- The Washington Times - Tuesday, November 6, 2001

BUENOS AIRES (AP) Government officials continued to hammer out a plan yesterday to restructure the country's crushing debt load and prevent a default on billions of dollars owed to foreign and domestic lenders.
The mega-debt swap announced by President Fernando De La Rua aims to save the country $4 billion in interest-rate payments next year and to ease investor concern that a default is imminent for this troubled South American economy.
Assuming Argentina is able to persuade investors to trade in higher-yielding bonds for lower ones, economists still remain skeptical that the latest series of economic measures announced last week will be enough to pull the country out of three years of recession.
"Let's imagine the swap goes well and everyone swaps bonds," said Argentine economist Enrique Cerda Omiste.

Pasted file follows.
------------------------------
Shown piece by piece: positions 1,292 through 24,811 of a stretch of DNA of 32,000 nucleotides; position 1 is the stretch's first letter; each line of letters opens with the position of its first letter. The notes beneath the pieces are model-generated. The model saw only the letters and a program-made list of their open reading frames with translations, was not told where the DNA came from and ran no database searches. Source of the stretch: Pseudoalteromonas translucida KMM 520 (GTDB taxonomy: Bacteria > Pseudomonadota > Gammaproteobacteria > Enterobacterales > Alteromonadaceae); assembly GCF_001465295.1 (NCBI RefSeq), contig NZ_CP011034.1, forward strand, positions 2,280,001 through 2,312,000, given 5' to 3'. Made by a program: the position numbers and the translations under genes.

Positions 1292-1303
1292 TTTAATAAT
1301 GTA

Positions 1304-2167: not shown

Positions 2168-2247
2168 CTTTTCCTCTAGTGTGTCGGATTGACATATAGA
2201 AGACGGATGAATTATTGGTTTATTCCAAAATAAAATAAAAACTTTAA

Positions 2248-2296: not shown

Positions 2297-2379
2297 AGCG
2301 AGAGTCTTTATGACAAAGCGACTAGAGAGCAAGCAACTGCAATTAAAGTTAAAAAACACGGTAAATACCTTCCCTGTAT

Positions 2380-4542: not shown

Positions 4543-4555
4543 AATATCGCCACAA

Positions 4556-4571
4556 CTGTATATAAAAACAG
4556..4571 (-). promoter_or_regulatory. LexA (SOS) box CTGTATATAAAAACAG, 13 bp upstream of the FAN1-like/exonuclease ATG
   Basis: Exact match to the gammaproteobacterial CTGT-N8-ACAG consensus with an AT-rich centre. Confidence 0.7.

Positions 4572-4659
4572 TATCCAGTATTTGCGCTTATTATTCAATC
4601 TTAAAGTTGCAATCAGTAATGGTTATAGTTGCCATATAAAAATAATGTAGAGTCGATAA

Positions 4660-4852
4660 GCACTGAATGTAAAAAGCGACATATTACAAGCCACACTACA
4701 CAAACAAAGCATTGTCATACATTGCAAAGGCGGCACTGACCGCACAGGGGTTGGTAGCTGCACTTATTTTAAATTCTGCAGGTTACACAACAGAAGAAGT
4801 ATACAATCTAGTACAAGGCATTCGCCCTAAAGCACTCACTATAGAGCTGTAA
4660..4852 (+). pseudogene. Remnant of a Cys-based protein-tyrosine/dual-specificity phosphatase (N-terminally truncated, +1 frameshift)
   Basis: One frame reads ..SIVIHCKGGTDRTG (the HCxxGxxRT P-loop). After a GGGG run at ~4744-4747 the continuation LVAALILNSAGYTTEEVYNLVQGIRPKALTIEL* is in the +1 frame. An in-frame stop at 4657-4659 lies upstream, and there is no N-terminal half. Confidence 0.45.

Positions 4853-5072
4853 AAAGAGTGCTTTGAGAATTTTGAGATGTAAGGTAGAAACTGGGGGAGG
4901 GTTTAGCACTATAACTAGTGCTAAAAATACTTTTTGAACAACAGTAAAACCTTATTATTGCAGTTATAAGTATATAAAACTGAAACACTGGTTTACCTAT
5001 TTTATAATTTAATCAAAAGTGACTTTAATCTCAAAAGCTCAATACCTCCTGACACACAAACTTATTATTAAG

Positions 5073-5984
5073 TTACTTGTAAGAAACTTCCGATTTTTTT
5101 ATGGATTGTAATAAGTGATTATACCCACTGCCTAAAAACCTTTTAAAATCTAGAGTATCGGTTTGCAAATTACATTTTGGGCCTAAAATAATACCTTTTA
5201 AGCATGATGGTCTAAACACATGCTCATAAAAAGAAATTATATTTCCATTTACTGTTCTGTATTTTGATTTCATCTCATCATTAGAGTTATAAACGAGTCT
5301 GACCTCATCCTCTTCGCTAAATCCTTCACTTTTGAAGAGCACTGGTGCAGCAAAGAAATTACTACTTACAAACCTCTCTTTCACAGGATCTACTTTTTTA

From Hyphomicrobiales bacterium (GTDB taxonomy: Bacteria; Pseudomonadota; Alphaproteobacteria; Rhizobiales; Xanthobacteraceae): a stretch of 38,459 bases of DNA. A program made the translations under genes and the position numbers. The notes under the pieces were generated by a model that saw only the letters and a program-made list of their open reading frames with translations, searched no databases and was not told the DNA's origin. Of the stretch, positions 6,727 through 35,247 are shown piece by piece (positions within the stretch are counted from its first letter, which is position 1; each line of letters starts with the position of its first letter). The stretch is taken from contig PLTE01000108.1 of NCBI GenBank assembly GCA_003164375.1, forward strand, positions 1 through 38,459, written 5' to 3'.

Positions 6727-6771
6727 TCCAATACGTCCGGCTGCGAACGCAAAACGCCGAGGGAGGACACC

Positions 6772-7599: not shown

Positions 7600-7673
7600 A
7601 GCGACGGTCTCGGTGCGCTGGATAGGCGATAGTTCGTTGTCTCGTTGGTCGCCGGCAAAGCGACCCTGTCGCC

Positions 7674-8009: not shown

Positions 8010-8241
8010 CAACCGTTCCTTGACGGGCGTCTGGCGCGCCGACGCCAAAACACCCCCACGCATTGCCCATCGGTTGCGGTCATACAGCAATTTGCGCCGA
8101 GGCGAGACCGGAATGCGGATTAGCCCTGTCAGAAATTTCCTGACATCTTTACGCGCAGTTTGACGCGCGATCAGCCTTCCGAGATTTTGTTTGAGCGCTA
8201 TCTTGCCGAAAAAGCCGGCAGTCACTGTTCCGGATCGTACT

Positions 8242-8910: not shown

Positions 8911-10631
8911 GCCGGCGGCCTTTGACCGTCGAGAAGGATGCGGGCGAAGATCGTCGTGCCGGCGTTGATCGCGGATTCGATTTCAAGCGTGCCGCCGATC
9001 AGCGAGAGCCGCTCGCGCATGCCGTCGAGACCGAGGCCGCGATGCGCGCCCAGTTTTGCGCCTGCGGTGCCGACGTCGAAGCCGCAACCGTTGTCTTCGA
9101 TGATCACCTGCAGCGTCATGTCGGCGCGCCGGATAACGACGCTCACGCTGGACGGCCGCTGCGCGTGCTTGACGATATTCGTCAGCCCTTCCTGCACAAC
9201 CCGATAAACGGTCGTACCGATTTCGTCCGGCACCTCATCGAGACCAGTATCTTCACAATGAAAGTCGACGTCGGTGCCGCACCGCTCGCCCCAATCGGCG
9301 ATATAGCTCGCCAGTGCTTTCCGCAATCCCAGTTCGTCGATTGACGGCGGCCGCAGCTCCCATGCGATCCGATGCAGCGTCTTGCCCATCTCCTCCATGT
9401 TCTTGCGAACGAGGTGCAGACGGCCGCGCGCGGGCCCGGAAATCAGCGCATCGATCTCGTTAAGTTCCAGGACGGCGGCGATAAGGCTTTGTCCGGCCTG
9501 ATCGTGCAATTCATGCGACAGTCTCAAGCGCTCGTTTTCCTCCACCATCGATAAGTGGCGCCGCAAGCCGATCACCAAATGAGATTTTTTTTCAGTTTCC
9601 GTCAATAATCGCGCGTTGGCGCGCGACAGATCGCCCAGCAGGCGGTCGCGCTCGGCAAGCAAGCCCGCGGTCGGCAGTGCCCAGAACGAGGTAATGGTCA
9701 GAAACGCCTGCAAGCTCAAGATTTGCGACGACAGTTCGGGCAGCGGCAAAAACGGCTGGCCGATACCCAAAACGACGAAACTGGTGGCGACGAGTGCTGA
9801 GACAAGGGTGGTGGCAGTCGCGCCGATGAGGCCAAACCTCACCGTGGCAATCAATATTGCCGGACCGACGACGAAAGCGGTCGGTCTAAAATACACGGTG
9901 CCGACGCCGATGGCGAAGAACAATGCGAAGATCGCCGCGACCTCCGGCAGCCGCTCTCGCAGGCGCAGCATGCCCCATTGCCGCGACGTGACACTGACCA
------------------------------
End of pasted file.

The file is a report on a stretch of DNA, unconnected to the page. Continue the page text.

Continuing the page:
"It's a national success: interest-rate payments drop by $4 billion. However, total interest-rate payments in 2002 will total $14 billion, requiring a huge cut in spending to meet the balanced budget."
Further cuts will be nearly impossible for Argentines to swallow.
Seven sets of spending cuts in two years have chopped public workers' salaries by 13 percent.
In the cash-strapped provinces, violent riots and sporadic social unrest have led governors to threaten to sue the national government for overdue funds.
"The government doesn't have any political or social leeway to impose more spending cuts," said Nicolas Caruso, an economist at Scotiabank Quilmes.
Despite the scarcity of details about the plan, investors pushed the benchmark Merval index up 3.2 percent, or 7.13, to 229.63.
They apparently on the on news that the government may be close to reaching an agreement with provincial governors on tax-revenue payments.
Analysts noted that public opinion hasn't kept Mr. De La Rua from implementing unpopular measuresin the past in the past.

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